Why is it that shows like Rome end much sooner then they should when one trick ponies like American Idol, The Real World, and the latest modeling show keep getting renewed?
It's all your fault. You can't get enough of mildly talented kids singing 'reunited and it feels so good...reunited and cause we understood....' or some various rendition of a Bonnie Raitt song. Not enough models or drunken 20 somethings can keep you away from the boob tube. You're so fascinated with Keifer yelling "there's not enough time" that you'll develop a man crush on him. Sadly you believe Dr Phil is really there to help people with their faults. Don't get me started on Oprah.
Firefly came and went. Rome's last episode will be soon upon us. Deal or No Deal will be around for a generation and people still find Larry the Cable Guy funny. Sigh.
I will miss the glory that was the HBO series. Few shows have captured my interest as much as this historical drama. To bad I'm alone in my passion for shows like this and The Shield.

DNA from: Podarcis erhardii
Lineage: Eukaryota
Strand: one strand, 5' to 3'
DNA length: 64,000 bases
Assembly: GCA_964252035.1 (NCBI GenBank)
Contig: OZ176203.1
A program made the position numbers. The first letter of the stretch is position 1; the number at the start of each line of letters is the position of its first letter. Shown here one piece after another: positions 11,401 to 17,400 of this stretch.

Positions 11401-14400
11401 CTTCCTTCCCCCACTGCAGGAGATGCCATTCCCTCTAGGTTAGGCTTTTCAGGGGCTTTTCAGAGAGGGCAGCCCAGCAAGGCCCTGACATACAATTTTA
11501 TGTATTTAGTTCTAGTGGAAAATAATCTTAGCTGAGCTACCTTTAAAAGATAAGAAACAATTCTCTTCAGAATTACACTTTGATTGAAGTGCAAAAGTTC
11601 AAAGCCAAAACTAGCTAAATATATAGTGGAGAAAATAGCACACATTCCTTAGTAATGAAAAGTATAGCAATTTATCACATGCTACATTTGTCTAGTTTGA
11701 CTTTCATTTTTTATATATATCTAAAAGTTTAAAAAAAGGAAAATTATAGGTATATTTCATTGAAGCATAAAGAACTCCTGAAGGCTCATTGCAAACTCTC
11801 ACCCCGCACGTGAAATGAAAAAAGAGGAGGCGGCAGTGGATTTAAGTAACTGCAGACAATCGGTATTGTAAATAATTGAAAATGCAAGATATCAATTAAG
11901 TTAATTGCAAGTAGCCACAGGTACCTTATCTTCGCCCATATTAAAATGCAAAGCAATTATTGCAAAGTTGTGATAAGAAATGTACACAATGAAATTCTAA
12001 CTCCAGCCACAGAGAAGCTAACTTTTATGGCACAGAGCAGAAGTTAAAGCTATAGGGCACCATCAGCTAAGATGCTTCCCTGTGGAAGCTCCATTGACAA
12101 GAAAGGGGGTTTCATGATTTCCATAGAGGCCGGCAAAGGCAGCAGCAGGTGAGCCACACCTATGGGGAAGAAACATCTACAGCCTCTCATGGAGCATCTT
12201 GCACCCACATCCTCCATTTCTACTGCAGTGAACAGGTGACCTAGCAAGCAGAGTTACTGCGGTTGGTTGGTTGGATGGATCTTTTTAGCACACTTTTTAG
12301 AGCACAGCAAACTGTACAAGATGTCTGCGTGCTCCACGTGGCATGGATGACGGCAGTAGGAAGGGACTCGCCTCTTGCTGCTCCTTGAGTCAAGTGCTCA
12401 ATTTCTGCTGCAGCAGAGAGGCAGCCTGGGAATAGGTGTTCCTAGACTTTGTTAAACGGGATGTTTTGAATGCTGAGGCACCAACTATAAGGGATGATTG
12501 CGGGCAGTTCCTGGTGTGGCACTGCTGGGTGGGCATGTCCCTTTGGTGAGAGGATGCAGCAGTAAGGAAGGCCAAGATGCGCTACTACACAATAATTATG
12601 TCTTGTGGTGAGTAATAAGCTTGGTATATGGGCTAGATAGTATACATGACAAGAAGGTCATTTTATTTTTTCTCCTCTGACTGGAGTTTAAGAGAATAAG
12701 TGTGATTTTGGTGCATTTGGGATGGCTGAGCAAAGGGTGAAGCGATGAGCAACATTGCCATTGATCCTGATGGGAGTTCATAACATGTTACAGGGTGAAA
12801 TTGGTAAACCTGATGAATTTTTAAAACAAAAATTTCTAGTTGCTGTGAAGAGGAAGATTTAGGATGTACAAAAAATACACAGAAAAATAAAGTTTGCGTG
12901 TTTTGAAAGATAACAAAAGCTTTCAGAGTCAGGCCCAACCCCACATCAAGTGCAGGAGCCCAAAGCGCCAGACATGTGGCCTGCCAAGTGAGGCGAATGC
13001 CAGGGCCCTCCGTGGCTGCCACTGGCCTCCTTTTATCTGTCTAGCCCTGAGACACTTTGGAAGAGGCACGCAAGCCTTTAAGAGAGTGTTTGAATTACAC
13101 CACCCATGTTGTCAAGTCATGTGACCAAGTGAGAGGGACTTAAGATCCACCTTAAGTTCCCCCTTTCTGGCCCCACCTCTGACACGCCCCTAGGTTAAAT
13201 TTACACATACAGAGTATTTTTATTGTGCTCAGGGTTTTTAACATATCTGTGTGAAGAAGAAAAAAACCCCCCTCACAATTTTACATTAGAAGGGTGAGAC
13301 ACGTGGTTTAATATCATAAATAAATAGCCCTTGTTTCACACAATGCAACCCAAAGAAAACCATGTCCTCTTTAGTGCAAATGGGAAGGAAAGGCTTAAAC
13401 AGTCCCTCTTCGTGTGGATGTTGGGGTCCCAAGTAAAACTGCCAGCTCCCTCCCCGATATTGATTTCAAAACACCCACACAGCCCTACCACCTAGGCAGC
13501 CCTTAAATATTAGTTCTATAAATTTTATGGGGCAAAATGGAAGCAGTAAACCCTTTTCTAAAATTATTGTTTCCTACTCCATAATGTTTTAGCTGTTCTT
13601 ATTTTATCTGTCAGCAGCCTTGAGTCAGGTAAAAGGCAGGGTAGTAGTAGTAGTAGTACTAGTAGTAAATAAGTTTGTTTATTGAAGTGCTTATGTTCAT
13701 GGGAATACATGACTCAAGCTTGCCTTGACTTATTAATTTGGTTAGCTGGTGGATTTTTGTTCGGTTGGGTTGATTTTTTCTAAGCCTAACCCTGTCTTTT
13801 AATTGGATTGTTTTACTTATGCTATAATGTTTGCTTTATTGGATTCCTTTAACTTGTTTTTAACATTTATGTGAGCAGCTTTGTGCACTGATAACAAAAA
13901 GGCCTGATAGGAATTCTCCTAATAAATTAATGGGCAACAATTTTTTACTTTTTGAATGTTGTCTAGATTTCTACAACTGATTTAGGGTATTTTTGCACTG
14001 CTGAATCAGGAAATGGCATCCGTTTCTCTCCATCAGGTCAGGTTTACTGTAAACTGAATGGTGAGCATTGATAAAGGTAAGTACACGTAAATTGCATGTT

"So, the bottom line on Rome is that it, like most good art, will be best appreciated by viewers who are willing to meet it halfway. This is not a show to fall asleep to. But, if you thrive on textured writing, if you know your history (or want to learn), or if you still ponder wistfully the 1976 BBC production of I, Claudius, this show is for you. Even for lovers of reality TV, Rome is probably still worth checking out. The sheer $100 million spectacle of it all will keep most any viewer interested for a little while—not to mention the full-frontal nudity and graphic violence. And if you get hooked in by that stuff, maybe you'll actually care when Caesar gets et tu Brute'd. Come for the nekkid people, stay for the history—the motto of any good Classics buff." - Eric Neigher